Surge in demand at Rotherham's social supermarket
The supermarket is not a foodbank and does not aim to provide emergency support — instead, members pay a small weekly fee for between three and four months in return for essential food supplies.
They can also access social activities and advice on healthy eating, cooking and debt management.
Christine Batchford, who manages the social supermarket, said: “We have quite a bit of a waiting list at the moment which we’ve never heard before .
“We’ve getting a lot of people referred in so we have been having to look into ways of getting more supply.
“We are getting in touch with other services to see what they can deliver to us in larger quantities.”
She added: “We don’t provide emergency support but are more about prevention and simply taking the pressure off people in terms of how they are going to feed themselves that week.
“It allows them to take a step back take a breath and not be so worried about how they are going to get through the week, but we can also help them think about planning more for the long term.
“For some people it is about their finances, but for others it’s about the social contact as well.
“One chap who is coming for three weeks said he feels so much better already — not just for having somewhere to come but because he’s getting fresh food and wanted to cook it and eating more healthily.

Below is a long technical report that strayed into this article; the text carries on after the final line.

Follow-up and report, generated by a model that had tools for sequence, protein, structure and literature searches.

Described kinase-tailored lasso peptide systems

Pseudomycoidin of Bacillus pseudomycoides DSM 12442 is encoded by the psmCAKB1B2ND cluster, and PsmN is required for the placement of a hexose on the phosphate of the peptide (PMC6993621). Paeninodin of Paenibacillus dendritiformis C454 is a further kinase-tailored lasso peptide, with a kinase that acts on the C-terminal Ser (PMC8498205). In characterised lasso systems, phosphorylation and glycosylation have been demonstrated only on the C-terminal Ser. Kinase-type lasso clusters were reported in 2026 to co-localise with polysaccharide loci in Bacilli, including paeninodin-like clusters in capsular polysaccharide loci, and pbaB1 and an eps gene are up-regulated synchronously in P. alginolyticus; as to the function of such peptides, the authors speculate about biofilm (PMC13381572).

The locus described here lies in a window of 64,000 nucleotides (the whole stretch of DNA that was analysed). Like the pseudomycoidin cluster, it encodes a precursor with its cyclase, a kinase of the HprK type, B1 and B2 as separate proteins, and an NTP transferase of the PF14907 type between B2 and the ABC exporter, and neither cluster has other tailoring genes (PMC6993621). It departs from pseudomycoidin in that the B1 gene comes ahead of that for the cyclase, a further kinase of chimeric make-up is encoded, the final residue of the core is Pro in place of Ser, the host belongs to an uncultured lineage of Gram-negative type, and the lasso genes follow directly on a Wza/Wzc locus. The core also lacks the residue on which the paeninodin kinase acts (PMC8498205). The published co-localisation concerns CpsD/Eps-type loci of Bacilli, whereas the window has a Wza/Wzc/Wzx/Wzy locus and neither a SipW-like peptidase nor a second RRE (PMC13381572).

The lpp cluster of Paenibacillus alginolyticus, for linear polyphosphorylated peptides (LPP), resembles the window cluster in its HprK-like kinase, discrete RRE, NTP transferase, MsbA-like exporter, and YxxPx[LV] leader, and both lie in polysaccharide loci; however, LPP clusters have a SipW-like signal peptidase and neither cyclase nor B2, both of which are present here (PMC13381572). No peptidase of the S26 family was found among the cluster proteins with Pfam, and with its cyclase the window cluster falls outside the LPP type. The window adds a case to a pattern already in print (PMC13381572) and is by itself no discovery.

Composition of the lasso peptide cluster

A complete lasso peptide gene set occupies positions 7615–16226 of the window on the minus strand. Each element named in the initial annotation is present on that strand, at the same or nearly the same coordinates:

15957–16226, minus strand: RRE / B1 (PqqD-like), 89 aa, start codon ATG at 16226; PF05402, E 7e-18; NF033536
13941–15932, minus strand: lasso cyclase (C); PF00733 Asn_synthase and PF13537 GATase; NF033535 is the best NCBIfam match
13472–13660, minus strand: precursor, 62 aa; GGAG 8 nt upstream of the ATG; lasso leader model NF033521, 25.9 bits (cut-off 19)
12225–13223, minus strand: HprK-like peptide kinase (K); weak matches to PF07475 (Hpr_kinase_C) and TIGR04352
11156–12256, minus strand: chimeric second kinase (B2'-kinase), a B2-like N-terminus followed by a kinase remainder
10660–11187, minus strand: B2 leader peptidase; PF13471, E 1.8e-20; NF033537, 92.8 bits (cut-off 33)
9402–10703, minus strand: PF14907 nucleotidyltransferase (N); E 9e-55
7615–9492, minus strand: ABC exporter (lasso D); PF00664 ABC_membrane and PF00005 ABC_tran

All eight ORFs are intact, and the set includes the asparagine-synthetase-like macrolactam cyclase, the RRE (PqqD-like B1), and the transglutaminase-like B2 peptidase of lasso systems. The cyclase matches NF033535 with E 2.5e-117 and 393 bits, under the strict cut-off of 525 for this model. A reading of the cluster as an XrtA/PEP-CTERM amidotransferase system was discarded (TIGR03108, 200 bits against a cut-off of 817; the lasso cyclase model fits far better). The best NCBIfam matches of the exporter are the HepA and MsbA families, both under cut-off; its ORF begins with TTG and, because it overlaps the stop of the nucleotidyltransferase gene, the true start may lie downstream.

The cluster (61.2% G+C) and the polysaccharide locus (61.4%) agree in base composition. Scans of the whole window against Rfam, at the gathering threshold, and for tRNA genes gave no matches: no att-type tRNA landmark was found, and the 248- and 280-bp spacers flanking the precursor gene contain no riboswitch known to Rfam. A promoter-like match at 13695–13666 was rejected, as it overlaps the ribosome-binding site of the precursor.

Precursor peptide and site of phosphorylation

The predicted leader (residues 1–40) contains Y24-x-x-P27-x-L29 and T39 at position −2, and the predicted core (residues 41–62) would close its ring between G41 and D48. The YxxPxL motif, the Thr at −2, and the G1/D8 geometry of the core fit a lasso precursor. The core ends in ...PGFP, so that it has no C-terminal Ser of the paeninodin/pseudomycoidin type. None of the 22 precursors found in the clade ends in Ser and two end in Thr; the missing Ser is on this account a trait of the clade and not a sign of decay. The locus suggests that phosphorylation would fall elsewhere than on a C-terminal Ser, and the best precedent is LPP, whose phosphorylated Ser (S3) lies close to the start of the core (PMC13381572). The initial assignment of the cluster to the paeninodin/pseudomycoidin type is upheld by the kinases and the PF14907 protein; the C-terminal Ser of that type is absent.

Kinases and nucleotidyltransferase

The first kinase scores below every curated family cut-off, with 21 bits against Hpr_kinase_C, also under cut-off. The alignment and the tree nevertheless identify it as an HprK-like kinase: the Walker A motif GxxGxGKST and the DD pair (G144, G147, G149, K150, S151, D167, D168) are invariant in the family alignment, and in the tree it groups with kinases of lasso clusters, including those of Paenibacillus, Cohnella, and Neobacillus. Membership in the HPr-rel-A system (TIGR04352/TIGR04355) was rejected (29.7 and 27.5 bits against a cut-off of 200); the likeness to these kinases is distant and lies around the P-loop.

“He said he was being more creative with his cooking and felt better as a result and also because he had the financial pressure taken off.”
Christine said rather than frustration at having a waiting list, the organisation’s focus was on making the most of their resources.
“We prefer to think about what we can do, not what we can’t.
“We are a small organisation with limited resources and want to make sure that with the people that we have, we can make a difference to them.
“We are deliberately not a food bank — we are trying to give people longer term support and hopefully not just help them for a few months but beyond that.
“A lot of people that have come to us of managed to improve their situation and their health and are getting into work or training courses.
“One man has started his own allotment group and for others, it’s a case of seeing what they can so and how they can make a difference to their lives.”
The Minster recently hosted a community drop-in day for networking between community and outreach groups and for the public to pick up advice.
Christine added: “It was useful for getting to know each other to strengthen relationships — a chance to get to know one another again.
“Citizens Advice did some face to face consultation about support with energy bills and people came along to engage with the staff about housing and debt support.
“The feedback we've had from other people that game has been really positive.”